Plano resident Don Muchow is gearing up to run across Texas and plans to make an appearance in Weatherford.
The 57-year-old Type 1 diabetic man is planning to pass through Weatherford on April 11 via U.S. 180. His route is from El Paso to Texarkana, a total of 850 miles.
Muchow’s goal is to connect with other Type 1 diabetics along the route and be a positive example, he said.
“Over the years, I’ve been lucky to meet more and more type 1 athletes and learn from them,” Muchow said. “The Texas and U.S. runs are my way of paying forward the blessings I’ve been given in meeting those people.”
Type 1 diabetes results in the pancreas producing no or little insulin, which is the hormone that allows sugar to produce energy in cells.
Unlike Type 2 diabetes, Type 1 is caused by genetic factors and doesn’t have to do with aging or eating certain foods, Medical City Weatherford Dr. Sakthiraj Subramanian said. Type 1 diabetics can face complications with their hearts, kidneys or eyes.
Subramanian said both types of diabetics should be making time for exercise.
“Every hour, they should get up and walk for at least five to 10 minutes,” Subramanian said.
Muchow was diagnosed with Type 1 diabetes in 1972 and was told not to exercise because activity reduces blood sugar. Muchow stayed away from exercise until 2004 when he encountered complications with his vision.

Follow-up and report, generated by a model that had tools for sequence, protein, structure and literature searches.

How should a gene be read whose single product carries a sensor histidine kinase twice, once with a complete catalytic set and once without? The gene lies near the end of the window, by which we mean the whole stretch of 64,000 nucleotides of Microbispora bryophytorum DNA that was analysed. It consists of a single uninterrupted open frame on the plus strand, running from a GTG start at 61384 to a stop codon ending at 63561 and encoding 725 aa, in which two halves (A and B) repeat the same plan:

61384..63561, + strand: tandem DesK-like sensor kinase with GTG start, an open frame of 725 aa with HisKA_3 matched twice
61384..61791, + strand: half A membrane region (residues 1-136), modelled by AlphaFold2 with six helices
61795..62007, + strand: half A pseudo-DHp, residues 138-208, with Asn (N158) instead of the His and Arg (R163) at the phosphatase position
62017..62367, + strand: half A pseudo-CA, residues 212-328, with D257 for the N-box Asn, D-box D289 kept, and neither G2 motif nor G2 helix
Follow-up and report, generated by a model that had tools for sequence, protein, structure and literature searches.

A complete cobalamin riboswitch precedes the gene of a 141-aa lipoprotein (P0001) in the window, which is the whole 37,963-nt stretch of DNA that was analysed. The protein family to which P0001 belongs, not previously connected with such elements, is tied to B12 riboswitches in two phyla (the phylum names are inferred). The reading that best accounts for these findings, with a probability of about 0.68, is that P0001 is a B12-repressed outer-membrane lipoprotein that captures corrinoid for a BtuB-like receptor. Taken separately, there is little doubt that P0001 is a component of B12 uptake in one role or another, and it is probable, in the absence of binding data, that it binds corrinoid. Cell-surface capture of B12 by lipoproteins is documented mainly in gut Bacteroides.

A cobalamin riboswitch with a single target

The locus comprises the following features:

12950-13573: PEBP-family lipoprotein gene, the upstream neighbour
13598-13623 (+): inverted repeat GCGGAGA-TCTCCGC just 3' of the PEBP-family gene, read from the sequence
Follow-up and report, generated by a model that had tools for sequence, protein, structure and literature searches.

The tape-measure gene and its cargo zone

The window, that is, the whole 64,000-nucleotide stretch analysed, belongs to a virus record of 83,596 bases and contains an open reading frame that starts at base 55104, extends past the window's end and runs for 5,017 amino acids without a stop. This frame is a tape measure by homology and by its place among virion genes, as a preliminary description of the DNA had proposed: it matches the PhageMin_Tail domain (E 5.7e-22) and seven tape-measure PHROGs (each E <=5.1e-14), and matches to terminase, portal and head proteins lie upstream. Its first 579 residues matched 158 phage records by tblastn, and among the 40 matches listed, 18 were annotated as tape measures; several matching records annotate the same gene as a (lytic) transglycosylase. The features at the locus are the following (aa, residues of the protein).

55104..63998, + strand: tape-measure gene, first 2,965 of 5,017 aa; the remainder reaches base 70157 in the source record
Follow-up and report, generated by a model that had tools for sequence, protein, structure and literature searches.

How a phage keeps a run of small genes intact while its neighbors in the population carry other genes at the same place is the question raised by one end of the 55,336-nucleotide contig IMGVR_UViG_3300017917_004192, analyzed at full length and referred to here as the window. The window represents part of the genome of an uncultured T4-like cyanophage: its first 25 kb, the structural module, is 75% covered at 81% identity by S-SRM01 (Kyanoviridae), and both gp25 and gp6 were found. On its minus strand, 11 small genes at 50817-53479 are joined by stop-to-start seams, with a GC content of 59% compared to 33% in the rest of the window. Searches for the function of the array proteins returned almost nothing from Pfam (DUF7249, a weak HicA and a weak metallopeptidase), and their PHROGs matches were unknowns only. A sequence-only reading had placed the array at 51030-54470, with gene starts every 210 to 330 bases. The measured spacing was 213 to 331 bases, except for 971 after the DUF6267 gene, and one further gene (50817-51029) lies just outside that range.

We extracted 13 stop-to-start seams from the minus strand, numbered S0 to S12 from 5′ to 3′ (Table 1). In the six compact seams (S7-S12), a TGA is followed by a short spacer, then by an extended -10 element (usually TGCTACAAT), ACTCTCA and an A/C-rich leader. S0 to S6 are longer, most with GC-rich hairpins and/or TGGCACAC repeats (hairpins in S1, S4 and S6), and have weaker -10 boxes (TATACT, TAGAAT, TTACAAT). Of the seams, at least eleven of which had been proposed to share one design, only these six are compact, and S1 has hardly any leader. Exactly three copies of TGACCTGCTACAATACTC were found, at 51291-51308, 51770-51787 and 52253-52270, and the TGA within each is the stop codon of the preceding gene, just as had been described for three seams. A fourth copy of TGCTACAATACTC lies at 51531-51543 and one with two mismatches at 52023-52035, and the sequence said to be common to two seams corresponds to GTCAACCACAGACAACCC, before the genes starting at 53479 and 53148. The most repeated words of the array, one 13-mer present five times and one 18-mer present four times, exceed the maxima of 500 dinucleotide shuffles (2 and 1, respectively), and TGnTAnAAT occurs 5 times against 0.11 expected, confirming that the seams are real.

“For some reason, that really struck a very deep emotional chord with me,” Muchow said. “Nothing had ever been taken away from me before because of diabetes.”
The Texas run isn’t his first long-distance run. Last year, Muchow ran 339 miles across Iowa, and he plans to run across the continental U.S. next year.
Muchow decided to run through Texas to prepare for the U.S. run and because he is familiar with Texas terrain, he said.
While in Weatherford, Muchow said he might stop at the Malt Shop on U.S. 180 at about lunchtime.
“I look forward to stops like that because it’s on my long runs that I can dial my insulin way back and occasionally eat things like malteds because my body demands a fair bit of energy on those days,” Muchow said.
While Muchow is on his run, his wife Leslie Nolen manages route changes and makes sure they stay on track. She also handles communication with people who want to join them on the route, she said. Nolen said she has seen other Type 1 diabetics join the run to tell Muchow that he’s inspired them.
“The coolest thing of all is when we’re out on these runs is that grandparents bring their kids or grandkids that have been diagnosed with Type 1 out to see that you can still do almost anything you want to do,” Nolen said. “You can still be almost anything you want to be. There are still some jobs that are off limits, but it’s not a real long list of limitations.”